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landshark1002000
12-14-2002, 04:48 AM
Rewritten: December 13, 2002

THE STRATEGY OF EIGHT BALL

Playing Pool in the Park

When I take my dog to the park, he can go anywhere he wants. But he must play inside the park.
But my dog, Rover, has been squished down to the size and shape of a cue ball. And the park has shrunk down to the size of a bar pool table. Now, poor Rover can only roll in a straight line. But he is free to roll anywhere in the 24 square foot park.
Then his master brings in 15 more ball-dogs. (Yup, that’s the rack.) Together, all the other ball-dogs may only take up one square foot of park space, but Rover is not happy. That square foot used to be his and now he’s down to 23 square feet to play in.
And if things weren’t bad enough, his master lets all the dogs loose at once. (The break.) When all the other ball-dogs finally stop running around, Rover discovers they’re blocking a lot of the straight lines he’d like to play in. Most of Rover’s 23 square feet of play space is blocked now. So Rover sits here and he sits there; and he notices his available play space keeps changing. The other ball-dogs don’t move or change size. What’s happened to Rover’s play space?
Let’s see if we can help Rover figure out what happened.
We’ve told Rover to “stay”. And now we’ve transformed the poor dog into a flashlight and turned off all the other lights. Rover’s powerful light beam hits a nearby ball. We can see the shadow it casts. This shadow gets larger as Rover comes closer. When Rover finally touches the other ball, the shadow has grown enormous. It covers the entire width of the park!
Rover has finally discovered where all his play space has gone. Have you?
Like a beam of light, Rover can only move in a straight line. But his light beam gets blocked by the other balls. They block the normal, free movement of the cue ball. The shadows show where Rover can’t go. Rover calls the shadows, “eclipse zones”.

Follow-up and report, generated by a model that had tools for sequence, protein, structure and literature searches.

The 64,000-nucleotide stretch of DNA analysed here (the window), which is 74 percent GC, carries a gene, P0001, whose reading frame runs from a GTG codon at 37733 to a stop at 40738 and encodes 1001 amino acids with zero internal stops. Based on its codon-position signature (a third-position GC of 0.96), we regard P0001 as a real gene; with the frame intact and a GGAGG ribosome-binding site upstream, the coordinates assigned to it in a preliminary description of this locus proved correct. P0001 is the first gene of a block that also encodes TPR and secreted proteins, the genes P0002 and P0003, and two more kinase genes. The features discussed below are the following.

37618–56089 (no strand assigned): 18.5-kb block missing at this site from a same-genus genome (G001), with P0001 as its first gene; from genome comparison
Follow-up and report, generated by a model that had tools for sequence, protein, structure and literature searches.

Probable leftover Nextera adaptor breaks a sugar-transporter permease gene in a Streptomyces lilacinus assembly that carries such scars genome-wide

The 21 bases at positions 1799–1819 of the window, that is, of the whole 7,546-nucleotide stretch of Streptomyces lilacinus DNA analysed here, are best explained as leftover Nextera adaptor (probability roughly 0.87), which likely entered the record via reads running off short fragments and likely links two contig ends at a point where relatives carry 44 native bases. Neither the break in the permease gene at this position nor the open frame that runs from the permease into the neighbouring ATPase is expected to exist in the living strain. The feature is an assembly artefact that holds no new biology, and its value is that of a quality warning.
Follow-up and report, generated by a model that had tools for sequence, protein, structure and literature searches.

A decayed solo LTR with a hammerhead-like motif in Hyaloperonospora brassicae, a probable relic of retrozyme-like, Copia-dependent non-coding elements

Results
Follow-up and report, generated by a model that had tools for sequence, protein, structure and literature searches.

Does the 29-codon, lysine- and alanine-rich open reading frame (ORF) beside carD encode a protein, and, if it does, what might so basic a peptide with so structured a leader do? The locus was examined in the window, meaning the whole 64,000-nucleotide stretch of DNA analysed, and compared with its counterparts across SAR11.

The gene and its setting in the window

Now Rover understands. When the other balls are in the park, their eclipse zones gobble up a lot of the “public” space. Rover’s public park has been changed into something more like a neighborhood. The 15 ball-dogs, with their eclipse zones, have carved out their own “private” yards. And now poor Rover must play in the street!
This new neighborhood is a strange and spooky place because the “yards” move! As Rover moved to sit here or there, the eclipse zone “yards” would follow, always staying opposite him. And their shapes would change as he moved closer or farther away.
He may not be crazy about the neighborhood, but Rover thinks of himself as a lucky dog, now. He realizes that he’s in charge. The other ball-dogs may be defensive about their “yards”, but Rover has offensive power. He can move. He can change the shape and size of their defensive eclipse zones simply by changing his location. By selecting the right spots on the table, he can weaken the opponent’s object ball defense during his master’s turn. And he can strengthen his master’s ball group defense when the table gets returned to the opponent. It’s all up to Rover.
We’ve all probably known the cue ball is a weapon of offense. Now we can see that the object balls are defending table space, trying to keep the cue ball out, playing a tough defense against his attempts at offense. They weaken his freedom of movement. They limit his ball choices. And they defend their table space like it was private property.
Rover’s a happy dog now. Even with 15 other ball-dogs in the park; he’s still top dog.
And that makes YOU the cue ball’s master, right?